The south side of the White House is seen January 26, 2015 in Washington, D.C.
Brendan Smialowski—AFP/Getty Images
By Alex Fitzpatrick
January 27, 2015

The pilot of a small unmanned drone that crashed on the White House lawn early Monday had been drinking before the incident took place, law enforcement officials told the New York Times.

The still-unidentified government employee turned himself in to authorities after seeing news reports about the crash, which triggered a lockdown at the White House and nearby government buildings.

The Times reported the man had a feeling the drone might have touched down on the White House grounds, but he went home to sleep regardless.

While this particular remote-controlled aircraft posed little risk to the President or others, the event caused concern that similar drones could represent a national security threat.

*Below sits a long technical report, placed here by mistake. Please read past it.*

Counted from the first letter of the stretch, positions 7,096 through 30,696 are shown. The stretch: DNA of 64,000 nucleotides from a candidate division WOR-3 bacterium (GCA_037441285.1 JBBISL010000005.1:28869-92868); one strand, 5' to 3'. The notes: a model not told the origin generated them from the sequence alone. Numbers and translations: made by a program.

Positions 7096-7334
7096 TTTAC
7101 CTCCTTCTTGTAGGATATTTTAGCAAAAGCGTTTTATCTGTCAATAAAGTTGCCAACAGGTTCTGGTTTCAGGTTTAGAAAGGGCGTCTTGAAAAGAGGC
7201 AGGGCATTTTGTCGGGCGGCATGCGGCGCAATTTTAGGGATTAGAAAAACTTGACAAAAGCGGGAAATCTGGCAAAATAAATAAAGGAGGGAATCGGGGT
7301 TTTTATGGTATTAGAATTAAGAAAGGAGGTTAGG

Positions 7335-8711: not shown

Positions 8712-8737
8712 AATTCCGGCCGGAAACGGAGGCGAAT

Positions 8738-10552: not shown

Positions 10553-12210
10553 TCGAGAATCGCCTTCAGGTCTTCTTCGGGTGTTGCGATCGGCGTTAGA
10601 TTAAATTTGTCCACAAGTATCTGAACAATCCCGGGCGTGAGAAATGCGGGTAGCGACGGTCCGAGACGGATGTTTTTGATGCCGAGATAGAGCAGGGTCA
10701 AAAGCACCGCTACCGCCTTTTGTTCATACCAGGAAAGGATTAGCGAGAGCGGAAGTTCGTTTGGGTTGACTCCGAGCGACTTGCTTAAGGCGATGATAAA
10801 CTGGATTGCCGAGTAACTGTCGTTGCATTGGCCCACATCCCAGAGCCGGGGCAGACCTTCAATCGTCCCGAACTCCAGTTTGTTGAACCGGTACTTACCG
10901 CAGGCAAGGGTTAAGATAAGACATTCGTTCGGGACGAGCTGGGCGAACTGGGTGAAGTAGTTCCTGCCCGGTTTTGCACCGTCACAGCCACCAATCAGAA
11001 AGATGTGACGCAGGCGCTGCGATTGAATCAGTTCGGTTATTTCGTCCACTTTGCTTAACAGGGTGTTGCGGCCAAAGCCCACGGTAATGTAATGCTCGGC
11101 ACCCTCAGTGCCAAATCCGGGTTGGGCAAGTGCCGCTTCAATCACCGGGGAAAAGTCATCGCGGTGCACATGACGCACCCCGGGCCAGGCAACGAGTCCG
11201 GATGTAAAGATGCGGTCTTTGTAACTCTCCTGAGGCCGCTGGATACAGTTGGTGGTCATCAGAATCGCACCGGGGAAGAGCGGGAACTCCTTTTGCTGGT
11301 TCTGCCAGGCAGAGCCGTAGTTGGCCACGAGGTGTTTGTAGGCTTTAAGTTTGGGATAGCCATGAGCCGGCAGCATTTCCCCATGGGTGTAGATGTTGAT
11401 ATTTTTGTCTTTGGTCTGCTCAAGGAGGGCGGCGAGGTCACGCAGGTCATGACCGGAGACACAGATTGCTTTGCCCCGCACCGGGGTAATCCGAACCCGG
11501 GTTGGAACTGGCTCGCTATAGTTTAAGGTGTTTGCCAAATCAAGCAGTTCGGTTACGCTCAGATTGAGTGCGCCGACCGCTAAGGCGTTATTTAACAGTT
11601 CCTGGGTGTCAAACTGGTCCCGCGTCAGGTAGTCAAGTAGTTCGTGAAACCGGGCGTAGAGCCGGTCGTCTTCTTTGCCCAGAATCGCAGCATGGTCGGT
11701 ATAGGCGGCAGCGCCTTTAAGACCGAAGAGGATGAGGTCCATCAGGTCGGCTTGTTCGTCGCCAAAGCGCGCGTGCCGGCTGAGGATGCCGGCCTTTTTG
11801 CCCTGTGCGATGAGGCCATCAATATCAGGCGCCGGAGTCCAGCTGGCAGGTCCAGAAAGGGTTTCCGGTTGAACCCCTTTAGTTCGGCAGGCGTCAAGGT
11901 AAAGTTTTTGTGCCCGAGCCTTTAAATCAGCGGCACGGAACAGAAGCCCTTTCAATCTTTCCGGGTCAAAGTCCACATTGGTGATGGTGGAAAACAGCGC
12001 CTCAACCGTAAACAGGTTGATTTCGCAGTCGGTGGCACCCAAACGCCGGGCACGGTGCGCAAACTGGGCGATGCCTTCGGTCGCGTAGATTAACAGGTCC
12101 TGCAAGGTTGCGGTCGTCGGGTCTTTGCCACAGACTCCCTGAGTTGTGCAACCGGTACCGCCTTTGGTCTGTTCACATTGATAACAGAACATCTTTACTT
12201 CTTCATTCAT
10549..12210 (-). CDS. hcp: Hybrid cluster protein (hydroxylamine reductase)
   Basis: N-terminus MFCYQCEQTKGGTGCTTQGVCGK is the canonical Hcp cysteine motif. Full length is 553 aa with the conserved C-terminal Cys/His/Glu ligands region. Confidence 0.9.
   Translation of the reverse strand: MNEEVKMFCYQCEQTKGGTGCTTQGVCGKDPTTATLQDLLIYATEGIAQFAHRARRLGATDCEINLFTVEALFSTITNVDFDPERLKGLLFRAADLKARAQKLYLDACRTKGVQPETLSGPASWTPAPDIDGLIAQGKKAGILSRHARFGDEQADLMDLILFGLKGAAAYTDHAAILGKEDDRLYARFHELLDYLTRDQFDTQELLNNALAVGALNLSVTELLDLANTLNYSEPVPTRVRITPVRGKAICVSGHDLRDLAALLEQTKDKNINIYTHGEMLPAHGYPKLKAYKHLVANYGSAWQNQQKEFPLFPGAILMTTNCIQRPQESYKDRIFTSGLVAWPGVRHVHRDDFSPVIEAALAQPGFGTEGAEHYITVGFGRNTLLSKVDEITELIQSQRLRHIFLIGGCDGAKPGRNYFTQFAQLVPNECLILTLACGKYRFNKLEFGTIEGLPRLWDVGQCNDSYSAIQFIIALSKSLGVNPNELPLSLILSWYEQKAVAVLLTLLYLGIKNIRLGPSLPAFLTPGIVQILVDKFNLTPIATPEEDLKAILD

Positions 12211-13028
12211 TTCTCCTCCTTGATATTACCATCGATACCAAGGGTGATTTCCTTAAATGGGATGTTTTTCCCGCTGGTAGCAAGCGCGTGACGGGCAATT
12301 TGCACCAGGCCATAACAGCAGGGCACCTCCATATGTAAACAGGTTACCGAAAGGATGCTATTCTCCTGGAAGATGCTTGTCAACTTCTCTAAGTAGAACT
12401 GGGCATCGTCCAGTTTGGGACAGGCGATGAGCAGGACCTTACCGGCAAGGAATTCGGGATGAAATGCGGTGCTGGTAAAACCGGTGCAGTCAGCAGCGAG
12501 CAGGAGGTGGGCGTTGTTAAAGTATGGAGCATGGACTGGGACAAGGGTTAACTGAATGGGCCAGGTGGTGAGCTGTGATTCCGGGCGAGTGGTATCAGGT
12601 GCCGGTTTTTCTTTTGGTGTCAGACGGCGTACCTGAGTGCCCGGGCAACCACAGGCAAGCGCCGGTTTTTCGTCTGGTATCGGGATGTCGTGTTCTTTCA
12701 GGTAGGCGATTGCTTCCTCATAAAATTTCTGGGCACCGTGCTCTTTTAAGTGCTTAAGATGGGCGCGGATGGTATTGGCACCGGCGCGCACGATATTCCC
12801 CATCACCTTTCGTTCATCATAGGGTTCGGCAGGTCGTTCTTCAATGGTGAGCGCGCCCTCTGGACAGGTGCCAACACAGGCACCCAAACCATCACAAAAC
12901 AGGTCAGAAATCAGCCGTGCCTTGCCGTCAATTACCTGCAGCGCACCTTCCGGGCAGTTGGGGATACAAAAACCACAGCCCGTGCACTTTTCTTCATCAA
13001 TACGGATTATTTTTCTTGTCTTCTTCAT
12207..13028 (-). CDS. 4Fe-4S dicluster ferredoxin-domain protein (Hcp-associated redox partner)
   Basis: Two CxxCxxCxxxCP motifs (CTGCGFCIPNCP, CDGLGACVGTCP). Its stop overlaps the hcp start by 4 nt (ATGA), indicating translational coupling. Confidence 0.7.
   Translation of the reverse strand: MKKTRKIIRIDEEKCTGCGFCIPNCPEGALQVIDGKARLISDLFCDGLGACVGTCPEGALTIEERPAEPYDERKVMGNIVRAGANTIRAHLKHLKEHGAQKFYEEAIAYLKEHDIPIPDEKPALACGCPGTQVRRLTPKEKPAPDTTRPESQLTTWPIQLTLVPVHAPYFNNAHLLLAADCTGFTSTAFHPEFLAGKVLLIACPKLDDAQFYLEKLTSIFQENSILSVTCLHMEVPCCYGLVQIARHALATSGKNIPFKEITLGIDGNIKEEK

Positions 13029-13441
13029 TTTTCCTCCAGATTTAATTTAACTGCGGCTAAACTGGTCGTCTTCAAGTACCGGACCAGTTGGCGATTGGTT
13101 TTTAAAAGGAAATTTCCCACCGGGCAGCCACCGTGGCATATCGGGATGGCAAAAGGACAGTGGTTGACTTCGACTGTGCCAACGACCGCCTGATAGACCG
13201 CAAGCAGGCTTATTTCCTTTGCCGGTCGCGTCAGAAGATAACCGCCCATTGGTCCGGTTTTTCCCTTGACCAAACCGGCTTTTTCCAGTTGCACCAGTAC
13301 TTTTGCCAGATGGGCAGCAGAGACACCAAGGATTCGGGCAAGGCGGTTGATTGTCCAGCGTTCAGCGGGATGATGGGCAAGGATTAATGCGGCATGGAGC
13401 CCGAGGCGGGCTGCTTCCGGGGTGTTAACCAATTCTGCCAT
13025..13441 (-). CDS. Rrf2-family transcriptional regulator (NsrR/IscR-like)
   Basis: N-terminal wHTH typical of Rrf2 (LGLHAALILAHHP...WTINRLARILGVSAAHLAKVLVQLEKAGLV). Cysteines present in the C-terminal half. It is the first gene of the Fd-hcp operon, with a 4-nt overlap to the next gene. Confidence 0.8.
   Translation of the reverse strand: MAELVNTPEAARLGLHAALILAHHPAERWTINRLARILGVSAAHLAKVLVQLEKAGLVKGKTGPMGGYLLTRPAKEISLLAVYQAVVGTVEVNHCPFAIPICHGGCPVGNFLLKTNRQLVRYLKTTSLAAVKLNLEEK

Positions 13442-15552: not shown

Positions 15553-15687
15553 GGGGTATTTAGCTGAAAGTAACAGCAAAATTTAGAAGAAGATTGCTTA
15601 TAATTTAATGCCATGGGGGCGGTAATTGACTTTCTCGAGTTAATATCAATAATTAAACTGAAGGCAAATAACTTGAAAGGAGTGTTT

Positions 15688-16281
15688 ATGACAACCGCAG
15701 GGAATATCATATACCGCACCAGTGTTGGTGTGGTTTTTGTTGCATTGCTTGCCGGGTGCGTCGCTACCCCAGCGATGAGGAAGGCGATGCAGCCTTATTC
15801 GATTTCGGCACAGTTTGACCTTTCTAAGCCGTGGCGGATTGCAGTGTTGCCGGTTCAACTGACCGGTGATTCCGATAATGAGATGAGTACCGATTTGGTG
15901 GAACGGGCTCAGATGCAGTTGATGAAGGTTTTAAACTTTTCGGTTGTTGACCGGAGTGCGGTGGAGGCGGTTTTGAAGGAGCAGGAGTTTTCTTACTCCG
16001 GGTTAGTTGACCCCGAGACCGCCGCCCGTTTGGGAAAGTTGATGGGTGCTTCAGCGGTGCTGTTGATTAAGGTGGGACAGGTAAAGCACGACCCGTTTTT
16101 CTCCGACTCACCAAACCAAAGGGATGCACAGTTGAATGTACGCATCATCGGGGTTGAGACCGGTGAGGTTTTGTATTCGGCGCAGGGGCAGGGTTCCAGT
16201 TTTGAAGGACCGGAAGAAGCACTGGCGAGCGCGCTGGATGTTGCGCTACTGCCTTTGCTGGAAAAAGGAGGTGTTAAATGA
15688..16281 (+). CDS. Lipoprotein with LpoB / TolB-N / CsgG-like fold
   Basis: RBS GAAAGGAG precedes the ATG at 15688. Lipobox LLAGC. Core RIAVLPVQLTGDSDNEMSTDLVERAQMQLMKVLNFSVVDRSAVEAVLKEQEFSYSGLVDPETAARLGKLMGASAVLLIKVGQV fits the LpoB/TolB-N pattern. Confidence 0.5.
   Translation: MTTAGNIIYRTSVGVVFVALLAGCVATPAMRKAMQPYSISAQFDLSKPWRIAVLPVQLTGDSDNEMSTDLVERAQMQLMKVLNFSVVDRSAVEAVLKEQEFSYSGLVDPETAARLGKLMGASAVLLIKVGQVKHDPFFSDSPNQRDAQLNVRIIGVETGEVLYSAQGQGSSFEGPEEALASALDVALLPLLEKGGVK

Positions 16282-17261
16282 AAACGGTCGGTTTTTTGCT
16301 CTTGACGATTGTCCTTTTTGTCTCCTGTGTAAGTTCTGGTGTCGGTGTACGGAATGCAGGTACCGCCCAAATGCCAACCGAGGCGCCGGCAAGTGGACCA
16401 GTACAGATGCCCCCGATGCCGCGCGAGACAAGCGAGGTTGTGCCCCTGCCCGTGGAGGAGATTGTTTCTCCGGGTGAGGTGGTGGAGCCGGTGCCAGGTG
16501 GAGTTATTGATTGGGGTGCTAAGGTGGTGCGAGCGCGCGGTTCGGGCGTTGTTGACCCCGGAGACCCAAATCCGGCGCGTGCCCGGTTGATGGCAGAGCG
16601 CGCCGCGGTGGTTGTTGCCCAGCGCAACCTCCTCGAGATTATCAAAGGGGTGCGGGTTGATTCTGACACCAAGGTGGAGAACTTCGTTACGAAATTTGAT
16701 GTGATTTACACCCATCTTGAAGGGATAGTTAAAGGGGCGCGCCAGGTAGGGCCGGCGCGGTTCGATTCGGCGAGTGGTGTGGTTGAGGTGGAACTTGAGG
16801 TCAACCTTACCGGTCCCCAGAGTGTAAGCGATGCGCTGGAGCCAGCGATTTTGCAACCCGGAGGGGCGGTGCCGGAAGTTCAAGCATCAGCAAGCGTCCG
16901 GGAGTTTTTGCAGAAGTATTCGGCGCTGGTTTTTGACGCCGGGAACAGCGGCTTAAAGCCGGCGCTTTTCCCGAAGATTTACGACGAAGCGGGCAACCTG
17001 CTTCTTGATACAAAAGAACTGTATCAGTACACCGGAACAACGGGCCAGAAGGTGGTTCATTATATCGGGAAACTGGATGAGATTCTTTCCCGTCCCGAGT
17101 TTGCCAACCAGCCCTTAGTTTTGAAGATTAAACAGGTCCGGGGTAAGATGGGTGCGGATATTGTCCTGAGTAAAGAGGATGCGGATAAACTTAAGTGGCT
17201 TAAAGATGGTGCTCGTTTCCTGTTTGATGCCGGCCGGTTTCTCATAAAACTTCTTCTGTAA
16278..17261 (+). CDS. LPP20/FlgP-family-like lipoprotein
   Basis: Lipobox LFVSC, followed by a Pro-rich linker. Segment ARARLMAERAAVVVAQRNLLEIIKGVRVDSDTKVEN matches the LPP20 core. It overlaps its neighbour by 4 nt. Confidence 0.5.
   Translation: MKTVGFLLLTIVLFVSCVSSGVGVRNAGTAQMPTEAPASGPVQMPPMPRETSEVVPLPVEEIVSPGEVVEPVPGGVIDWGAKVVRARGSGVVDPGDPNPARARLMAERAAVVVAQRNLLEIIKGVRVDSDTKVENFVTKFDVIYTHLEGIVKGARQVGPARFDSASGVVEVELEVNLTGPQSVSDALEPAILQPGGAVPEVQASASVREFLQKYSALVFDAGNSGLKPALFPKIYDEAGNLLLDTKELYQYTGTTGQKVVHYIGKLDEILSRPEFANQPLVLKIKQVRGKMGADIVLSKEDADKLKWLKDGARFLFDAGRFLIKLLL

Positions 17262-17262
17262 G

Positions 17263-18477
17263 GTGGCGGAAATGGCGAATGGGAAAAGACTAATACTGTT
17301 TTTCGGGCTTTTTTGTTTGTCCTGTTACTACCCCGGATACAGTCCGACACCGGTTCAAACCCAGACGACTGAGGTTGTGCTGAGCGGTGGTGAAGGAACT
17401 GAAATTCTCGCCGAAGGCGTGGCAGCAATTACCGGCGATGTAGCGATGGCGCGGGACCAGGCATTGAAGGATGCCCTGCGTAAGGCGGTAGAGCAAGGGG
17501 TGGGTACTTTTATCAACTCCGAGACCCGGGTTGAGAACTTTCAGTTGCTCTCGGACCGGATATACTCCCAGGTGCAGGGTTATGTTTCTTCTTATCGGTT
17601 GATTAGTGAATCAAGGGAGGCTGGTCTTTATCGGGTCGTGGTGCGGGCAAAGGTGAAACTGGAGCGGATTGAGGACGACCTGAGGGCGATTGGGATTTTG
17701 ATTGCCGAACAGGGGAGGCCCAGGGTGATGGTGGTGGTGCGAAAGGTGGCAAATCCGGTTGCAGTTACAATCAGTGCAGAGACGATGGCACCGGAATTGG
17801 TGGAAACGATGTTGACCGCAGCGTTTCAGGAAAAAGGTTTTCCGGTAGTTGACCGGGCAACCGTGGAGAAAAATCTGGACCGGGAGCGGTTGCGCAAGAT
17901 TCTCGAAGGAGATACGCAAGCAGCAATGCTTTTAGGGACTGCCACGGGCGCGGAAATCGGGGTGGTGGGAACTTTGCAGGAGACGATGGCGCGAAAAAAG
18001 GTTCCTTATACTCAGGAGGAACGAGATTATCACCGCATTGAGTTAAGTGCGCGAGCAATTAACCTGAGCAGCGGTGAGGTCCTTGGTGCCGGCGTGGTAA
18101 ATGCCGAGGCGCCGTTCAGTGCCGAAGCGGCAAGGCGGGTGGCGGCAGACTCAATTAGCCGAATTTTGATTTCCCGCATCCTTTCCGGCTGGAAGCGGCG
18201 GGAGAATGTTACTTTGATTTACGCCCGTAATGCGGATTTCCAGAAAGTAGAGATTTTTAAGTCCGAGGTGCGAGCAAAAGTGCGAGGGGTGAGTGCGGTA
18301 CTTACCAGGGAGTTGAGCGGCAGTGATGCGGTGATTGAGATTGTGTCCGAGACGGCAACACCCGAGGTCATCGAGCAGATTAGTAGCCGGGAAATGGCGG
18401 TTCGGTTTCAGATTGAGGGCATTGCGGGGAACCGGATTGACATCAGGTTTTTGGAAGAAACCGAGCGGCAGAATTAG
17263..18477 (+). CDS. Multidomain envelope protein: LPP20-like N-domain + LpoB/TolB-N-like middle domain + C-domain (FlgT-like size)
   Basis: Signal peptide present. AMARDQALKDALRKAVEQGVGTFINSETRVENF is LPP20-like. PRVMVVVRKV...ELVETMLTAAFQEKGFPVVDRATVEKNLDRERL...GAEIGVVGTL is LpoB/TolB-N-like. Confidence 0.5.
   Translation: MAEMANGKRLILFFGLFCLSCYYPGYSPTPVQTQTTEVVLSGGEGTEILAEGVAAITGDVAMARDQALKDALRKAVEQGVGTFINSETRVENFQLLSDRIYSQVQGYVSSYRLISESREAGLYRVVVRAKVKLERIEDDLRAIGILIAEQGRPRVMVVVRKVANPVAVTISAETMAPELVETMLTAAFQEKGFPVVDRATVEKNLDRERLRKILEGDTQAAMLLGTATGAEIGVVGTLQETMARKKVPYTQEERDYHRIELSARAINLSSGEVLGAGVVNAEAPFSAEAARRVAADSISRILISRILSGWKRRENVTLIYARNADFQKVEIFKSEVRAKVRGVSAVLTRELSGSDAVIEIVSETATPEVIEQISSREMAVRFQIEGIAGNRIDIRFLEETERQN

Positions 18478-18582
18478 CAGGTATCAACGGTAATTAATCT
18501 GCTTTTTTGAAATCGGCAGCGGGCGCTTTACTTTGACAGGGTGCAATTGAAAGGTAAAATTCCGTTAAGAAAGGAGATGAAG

President Obama himself used the incident to call for a new regulatory framework around small unmanned aircraft. Some Federal Aviation Administration rules apply to small, hobbyist-piloted drones, but the agency lacks an effective enforcement mechanism to punish offenders, largely leaving local law enforcement to sanction pilots who put the public’s safety at risk.

Judging by a Secret Service photo released Monday, the drone was a DJI Phantom, which are about two pounds and just over a foot across and retail for $479 and up:

United States Secret Service

Many Phantom models are capable of carrying a video camera, but it wasn’t clear from the image if the unit in question was equipped with one.

[NYT]

 

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